Cluster of 66 Million-Year-Old Dinosaur Eggs Found During Rural Walk

Sunday, May 19, 2019

The tyrannosaurus rex, the feathered velociraptor and the three-horned triceratops all lived during the period (Image: Newsflare)

The men reported their rare find to a local museum where it was confirmed that the fossilised remains dated to the Cretaceous Period.

Four college students found rare dinosaur egg fossils while on a walk through a rural area of southern China.

Footage shows how the young men encountered the "strange stones" covered in red mud in Pingxiang City in Jiangxi Province on May 11. 

They decided to report their find to a local museum for further examination which later called in experts from the Chinese Academy of Science.

The "strange stones" were confirmed as dinosaur egg fossils, dating back to the late Cretaceous Period which began 145 million years ago and ended 66 million years ago.

The petrified remains are now being held in local museum.

Experts confirmed that the fossils dated back to the Cretaceous Period (Image: Newsflare)

Jiangxi Province has seen the discovery of a number of fossil in recent years and has been dubbed China’s ‘hometown of dinosaurs’

Dinosaurs alive during the Cretaceous Period include the Tyrannosaurus rex, the feathered Velociraptor and the three-horned Triceratops.

On April 15, 2010, a dinosaur egg fossil with an eggshell was found on a building site.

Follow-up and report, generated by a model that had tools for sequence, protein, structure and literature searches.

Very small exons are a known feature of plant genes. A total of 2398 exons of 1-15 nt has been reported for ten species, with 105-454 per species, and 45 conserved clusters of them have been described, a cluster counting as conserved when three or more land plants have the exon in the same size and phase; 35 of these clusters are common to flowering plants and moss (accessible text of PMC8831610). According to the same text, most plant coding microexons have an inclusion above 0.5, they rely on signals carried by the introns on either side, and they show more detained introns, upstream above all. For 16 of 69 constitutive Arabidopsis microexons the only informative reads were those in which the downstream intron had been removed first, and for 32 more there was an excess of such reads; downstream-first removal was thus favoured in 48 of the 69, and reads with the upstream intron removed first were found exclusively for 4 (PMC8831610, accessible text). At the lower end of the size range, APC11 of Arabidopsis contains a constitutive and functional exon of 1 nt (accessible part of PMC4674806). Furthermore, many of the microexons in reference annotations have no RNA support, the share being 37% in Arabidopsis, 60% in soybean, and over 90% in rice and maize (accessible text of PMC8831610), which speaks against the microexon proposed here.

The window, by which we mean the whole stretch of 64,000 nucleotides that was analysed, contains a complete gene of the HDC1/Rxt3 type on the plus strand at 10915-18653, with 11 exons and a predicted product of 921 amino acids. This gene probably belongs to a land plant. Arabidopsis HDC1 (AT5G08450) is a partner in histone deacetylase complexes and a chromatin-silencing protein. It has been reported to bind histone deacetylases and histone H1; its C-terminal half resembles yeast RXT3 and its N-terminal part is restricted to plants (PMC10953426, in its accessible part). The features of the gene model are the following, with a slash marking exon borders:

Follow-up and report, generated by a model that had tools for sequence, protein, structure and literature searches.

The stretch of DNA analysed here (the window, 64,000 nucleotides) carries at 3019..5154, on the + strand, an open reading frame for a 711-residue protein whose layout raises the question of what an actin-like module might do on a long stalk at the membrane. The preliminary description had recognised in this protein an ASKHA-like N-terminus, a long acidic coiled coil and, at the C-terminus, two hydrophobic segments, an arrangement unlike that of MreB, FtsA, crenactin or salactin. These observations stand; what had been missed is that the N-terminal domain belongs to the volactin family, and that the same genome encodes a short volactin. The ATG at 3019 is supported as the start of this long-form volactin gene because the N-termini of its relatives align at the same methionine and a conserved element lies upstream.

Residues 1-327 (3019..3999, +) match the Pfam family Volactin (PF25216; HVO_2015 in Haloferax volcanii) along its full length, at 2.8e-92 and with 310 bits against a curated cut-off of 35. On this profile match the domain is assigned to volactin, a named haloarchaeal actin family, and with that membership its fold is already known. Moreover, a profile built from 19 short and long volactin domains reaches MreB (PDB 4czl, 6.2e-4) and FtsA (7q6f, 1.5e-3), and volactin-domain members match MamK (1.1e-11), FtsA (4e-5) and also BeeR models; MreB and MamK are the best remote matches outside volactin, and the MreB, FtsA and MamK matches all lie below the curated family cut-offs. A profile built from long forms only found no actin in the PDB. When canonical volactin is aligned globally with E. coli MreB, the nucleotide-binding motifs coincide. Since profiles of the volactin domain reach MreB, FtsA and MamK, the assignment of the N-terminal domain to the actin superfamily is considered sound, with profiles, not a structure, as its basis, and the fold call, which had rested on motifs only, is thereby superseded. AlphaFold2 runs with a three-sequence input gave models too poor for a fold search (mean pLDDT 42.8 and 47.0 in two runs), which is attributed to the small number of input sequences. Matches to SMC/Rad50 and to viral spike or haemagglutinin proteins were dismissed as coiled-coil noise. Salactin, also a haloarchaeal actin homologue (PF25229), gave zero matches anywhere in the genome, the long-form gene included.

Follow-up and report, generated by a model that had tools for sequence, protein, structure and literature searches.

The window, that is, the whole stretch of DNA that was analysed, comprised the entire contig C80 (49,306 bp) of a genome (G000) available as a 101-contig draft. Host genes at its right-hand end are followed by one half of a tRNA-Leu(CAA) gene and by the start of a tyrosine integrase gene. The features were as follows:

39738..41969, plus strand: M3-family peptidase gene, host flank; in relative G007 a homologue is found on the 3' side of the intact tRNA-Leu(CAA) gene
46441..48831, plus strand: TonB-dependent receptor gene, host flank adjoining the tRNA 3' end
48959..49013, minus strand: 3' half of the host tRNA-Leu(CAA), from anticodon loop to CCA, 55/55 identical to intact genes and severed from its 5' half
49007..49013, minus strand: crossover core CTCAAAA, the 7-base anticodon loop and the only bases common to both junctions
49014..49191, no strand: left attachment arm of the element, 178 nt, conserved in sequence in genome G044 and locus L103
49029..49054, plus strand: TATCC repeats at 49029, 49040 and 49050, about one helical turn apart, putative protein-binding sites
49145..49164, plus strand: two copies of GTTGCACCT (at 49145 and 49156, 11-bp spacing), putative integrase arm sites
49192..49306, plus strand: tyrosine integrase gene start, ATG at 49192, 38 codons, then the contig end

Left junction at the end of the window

In September 2008, Pingxiang cultural relics found several dinosaur skeleton fossils from the rest of the building.

The young Chinese students uncovered cluster of 66 million year old dinosaur eggs (Image: Newsflare)

In 2017, a cluster of perfectly preserved dinosaur eggs were discovered by construction workers digging the foundations for a new school .

Up to 30 eggs were uncovered are believed to be a staggering 130 million years old.

The fossilised eggs were lucky to survive intact as the builders detonated an explosive to break up a large boulder.

The city and surrounding area is “one of the most productive oviraptorosaurian regions of the world” according to an article published in with seven oviraptorosaurian (feathered and bird-like) dinosaurs named after the region.

The seventh, the Corythoraptor jacobsi, was only discovered this year and is said to closely resemble the flightless cassowary, which lives in Australia, Papua New Guinea and Indonesia.